SANTA CLARA, Calif. -- Improv Systems Inc. this week unveiled its first "off-the-shelf" application platform for highly integrated chips aimed at performing voice codec and echo cancellation functions in voice-over-packet (VoP) networking equipment.
Based on the startup's Jazz processor and Programmable System Architecture (see March 6 story), the Acappella platform is being licensed to chip suppliers and system houses for custom and standard ICs used in VoP applications in the home and office. According to Improv, the Acappella offers a complete package of capabilities for products requiring high-performance, high-channel density packetized voice and echo cancellation processing.
Initially three platforms are being aimed at three market segments. The Acappella Home is targeted at home access systems with support for four channels running a number of ITU codecs along with G.16 8 echo cancellation. A platform for integrated access device applications in offices supports 16 to 32 channels for a standalone and integrated solution. And a gateway platform for 180 voice or 120 echo channels per chip is also being offered.
For the gateway application, the platform cuts the amount of chips needed for the solution to less than half the number of general-purpose digital signal processors, according to Improv.
"This is the first of several platform solutions that are being lined up for the next several months," said Bob Bell, director of applications at the Santa Clara company.
The "chipless" semiconductor company has announced two Programmable Systems Architecture (PSA) licensees--with Philips Semiconductors and STMicroelectronics--and more are in the works, said Bell in an interview with SBN. Improv has also struck a partnership with Kawasaki Semiconductor, which plans to offer products based on the Acappella platforms implemented in its 0.18-micron technology.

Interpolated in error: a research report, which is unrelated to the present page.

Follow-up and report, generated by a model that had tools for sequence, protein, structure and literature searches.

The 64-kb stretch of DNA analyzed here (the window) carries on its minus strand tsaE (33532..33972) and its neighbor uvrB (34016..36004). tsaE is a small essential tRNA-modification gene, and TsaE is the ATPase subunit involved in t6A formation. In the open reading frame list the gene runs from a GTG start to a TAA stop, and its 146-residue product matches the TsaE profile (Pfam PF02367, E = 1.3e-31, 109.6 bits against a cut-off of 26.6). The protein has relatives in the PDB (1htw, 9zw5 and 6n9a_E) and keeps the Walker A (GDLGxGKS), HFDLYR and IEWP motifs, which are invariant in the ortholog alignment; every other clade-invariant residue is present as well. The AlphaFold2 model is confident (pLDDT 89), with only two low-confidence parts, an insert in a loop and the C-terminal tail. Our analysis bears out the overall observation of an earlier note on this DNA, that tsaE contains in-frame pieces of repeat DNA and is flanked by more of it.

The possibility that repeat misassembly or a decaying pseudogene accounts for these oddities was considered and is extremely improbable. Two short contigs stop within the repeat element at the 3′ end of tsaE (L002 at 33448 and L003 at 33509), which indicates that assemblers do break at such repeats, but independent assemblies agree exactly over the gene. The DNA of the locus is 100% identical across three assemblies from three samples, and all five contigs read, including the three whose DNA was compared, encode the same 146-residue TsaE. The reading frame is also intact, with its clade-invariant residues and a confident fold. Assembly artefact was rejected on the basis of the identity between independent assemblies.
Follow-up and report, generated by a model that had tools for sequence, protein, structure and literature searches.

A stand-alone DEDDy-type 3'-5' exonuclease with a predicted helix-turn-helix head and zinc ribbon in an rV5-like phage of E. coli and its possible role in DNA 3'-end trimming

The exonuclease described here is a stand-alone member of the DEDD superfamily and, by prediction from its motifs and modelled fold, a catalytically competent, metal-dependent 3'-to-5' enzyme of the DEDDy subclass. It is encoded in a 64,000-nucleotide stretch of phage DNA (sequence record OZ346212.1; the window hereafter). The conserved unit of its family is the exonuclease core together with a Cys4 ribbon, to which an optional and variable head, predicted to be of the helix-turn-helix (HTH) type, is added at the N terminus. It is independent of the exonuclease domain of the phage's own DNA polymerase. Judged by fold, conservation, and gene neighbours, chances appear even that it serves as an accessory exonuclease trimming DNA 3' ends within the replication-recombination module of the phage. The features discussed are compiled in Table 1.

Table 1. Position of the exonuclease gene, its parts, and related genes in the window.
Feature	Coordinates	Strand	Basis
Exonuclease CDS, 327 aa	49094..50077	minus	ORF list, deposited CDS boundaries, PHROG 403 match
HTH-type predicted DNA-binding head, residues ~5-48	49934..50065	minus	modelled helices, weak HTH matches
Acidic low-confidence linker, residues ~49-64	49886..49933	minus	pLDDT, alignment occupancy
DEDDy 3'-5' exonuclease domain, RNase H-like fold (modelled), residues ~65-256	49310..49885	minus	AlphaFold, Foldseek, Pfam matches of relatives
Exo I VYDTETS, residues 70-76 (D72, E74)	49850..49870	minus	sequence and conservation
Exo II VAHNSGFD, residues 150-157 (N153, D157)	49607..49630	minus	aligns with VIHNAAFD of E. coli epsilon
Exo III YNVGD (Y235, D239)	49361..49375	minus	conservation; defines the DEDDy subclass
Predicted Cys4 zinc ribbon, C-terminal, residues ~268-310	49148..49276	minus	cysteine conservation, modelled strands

Durin g the summer, Improv signed a licensing pact with its the systems company--TeleHubLink Corp. The Burlington, Mass., company is using Improv's Jazz multiprocessor platform for wireless encryption systems.
In the integrated access device (IAD) office segment, the Acappella will pack two Jazz very long instruction word (VLIW) processors on a chip along with 25 kilobytes of shared memory in a space of 25 mm2 using a 0.18-micron process technology. The average power consumption of this 100-MHz platform will be 580 mW, said Improv.
The one-processor Acappella Home platform will have average power consumption of 315 mW operating at 10 MHz. The gateway platform with four Jazz VLIW processors will take up 100 mm2 and have an average power consumption of 1,785 mW operating at 150 MHz.
By the third quarter of 2001, Improv plans to offer a third-generation Acappella VoP platform that operates at 200 MHz and integrates more function on chip. "The trend going forward is for more integrati on. We plan to bring the embedded microcontroller into the system-on-chip design," Bell explained. "We will also pull in some of the functionality, such as the high-level telephony protocol stacks."